Reduction of the Masseter Muscle for Asian Patients (Surgical & Non-Surgical)
When undertaking any form of plastic or cosmetic surgery, it is critical to take into consideration each patient’s ethnicity. Different ethnic groups have different facial proportions and different cultural concepts of what constitutes ‘beauty’. A skilled plastic and craniofacial surgeon will take these into account and adapt surgical procedures accordingly. Often, patients of Asian ethnicity — such as Korean, Japanese, Chinese, and other Asian countries and regions — may seek out a jaw and chin narrowing procedure known as Asian V-Line surgery. Depending on their existing facial proportions, the patient may also need to reduce the size of their masseter muscle to reduce a prominent mandibular angle and jaw width to produce a narrower, slender and more feminine facial profile.
What is the Masseter Muscle? Why is it larger in those of Asian background?
The masseter muscle runs down the cheekbone to the lower jaw on each side of the face. It is known as one of the “muscles of mastication” because it helps us to chew food and move our jaw up and down while speaking. The masseter is typically larger in people of Asian ethnicity due to natural genetic differences creating a wider face proportion. Typically Asian women, or Asian transgender individuals seeking facial feminization, want a softer, smoother appearance to the jawline, and therefore seek to reduce the size of the masseter muscle at the same time.
Reduction of the masseter muscle for those of Asian ethnicity may be performed by either non-surgical or surgical method…
1. Non-Surgical Reduction of the Masseter Muscle using Botox® or Dysport®
The masseter muscle can be reduced significantly using non-surgical injectable treatments such as botulinum toxin — more commonly known as Botox® or Dysport®. The procedure is non-invasive because it involves a series injections placed directly into the masseter muscle. The treatment is performed over several sessions with small doses of botulinum toxin until the masseter muscle has reduced down by degrees to the desired appearance. The number of sessions will depend on the individual’s reaction to the treatment. Some people may only need 1-2 sessions, others may need 3-4 sessions to achieve the desired results. In most patients, the masseter muscle will stay reduced in size permanently – even without further injections.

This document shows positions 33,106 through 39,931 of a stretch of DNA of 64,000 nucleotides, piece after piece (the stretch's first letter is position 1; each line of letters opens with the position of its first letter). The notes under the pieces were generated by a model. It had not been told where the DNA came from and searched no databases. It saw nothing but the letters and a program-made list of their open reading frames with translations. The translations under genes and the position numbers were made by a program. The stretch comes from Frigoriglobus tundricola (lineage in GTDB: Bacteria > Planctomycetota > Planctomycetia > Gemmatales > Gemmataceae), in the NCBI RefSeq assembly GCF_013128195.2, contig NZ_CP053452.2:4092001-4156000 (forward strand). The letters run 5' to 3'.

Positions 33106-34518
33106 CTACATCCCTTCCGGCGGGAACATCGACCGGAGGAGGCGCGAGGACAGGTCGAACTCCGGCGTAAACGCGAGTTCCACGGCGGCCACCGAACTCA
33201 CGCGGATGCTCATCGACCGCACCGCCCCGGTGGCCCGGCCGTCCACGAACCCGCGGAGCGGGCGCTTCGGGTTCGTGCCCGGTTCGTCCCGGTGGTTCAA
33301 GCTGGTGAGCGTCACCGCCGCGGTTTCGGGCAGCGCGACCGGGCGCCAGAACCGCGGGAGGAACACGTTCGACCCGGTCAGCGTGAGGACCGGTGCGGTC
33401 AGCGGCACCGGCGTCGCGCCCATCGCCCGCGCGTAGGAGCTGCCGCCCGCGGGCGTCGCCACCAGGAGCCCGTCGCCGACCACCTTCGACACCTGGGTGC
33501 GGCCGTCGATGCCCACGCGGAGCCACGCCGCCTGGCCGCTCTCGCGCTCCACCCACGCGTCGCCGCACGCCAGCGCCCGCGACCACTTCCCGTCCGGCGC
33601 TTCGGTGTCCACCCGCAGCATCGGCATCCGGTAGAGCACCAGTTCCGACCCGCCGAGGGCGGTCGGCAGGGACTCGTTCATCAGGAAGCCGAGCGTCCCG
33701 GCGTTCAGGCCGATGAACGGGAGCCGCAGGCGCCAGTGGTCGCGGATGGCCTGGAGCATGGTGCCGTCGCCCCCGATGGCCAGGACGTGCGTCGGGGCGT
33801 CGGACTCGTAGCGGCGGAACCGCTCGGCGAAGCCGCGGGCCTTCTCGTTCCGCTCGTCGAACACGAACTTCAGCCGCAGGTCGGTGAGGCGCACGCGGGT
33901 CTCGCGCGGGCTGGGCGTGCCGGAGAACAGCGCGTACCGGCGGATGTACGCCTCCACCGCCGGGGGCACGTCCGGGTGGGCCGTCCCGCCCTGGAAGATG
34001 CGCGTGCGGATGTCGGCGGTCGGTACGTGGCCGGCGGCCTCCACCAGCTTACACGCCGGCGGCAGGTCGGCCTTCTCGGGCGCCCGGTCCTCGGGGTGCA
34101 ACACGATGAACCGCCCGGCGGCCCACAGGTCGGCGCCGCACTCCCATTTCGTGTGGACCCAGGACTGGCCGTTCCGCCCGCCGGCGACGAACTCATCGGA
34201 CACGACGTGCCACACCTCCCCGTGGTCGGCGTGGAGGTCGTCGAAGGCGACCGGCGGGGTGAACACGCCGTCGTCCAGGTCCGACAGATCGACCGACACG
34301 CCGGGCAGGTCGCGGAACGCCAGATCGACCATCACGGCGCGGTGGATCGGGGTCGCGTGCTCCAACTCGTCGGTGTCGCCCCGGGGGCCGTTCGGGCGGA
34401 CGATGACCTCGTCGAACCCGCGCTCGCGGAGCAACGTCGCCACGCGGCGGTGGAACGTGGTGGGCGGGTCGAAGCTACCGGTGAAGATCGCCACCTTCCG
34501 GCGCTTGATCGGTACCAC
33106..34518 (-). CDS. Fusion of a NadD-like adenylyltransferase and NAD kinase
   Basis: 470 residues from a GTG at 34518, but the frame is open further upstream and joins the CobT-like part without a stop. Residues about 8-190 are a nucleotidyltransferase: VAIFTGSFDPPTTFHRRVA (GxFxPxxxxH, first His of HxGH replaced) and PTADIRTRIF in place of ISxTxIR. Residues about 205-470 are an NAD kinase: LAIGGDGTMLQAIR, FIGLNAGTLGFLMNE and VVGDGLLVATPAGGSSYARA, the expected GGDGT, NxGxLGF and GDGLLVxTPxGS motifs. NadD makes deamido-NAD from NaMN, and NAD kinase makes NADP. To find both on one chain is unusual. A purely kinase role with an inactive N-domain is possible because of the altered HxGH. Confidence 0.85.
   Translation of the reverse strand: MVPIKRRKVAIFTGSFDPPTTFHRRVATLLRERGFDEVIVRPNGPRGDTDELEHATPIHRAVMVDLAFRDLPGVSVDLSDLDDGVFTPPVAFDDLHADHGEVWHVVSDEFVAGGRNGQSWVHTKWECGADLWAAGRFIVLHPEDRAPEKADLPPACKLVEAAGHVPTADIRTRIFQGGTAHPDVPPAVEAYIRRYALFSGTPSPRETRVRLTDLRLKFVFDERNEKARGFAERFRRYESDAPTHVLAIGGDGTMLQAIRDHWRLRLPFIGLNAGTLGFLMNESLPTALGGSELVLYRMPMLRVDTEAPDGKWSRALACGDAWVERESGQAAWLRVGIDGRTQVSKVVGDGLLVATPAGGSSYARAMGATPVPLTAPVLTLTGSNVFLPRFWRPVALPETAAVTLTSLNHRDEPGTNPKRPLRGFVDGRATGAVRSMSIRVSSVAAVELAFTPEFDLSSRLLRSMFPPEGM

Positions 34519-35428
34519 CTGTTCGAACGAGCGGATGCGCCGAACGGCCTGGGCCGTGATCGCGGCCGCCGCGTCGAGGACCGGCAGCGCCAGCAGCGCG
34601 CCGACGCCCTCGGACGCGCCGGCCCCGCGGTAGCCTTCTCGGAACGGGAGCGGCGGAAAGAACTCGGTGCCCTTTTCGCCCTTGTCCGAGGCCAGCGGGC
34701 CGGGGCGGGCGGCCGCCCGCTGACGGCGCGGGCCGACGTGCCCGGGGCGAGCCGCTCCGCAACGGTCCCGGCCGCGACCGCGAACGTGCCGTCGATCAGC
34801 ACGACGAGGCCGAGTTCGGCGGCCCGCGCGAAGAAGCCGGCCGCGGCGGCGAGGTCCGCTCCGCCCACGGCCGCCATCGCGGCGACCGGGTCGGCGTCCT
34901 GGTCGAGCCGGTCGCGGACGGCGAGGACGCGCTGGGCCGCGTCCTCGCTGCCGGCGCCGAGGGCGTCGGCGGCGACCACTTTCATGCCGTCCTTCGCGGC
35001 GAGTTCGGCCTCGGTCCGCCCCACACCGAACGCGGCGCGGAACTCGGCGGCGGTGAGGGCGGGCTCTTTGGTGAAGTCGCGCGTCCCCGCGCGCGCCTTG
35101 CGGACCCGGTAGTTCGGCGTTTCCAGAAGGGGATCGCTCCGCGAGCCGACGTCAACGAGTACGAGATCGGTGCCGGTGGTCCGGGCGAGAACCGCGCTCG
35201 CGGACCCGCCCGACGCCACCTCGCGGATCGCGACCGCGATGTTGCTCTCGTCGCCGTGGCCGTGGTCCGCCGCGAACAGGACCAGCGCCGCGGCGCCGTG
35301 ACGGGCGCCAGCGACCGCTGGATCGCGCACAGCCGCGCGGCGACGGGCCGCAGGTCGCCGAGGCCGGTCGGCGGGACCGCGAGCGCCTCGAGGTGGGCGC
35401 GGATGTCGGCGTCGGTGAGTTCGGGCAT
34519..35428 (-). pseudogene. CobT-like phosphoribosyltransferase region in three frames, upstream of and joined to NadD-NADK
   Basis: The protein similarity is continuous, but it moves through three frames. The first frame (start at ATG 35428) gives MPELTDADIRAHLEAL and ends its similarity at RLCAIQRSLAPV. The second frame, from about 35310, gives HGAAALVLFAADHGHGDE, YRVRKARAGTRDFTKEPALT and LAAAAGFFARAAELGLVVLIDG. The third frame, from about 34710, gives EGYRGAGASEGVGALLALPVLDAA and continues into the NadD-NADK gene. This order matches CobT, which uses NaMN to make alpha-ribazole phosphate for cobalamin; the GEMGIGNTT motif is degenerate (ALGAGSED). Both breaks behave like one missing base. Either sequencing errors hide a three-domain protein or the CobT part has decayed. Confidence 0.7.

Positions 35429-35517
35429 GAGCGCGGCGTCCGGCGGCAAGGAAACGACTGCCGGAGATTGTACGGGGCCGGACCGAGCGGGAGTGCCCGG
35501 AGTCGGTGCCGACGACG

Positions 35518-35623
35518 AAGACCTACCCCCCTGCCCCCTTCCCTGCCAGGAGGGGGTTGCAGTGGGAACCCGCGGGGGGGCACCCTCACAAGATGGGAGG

2. Surgical Reduction of the Masseter Muscle:
For some Asian patients, non-surgical masseter muscle reduction will not have the desired effect, making a surgical reduction of the muscle their best option. The surgery is performed on the inside of the mouth between the gum and cheek via small incisions that leave no visible scarring. The jaw bone and masseter muscle are surgically reduced and reshaped to achieve a rounder, smoother, and more slender contour. When the correct amount of muscle and bone has been removed, the incision is closed with self-dissolving sutures.
Which form of masseter muscle reduction is right for you?
Ultimately, an in-person consultation with your plastic surgeon will help you decide if a surgical or non-surgical option is the best course of action for you.
Read more about masseter muscle reduction here.
Dr. Deschamps-Braly is a board-certified plastic and craniofacial surgeon specializing in facial plastic surgery, orthognathic (jaw) surgery, and craniofacial surgery for adults and children. He is also one of the world’s foremost leaders and innovators in facial gender confirmation surgery.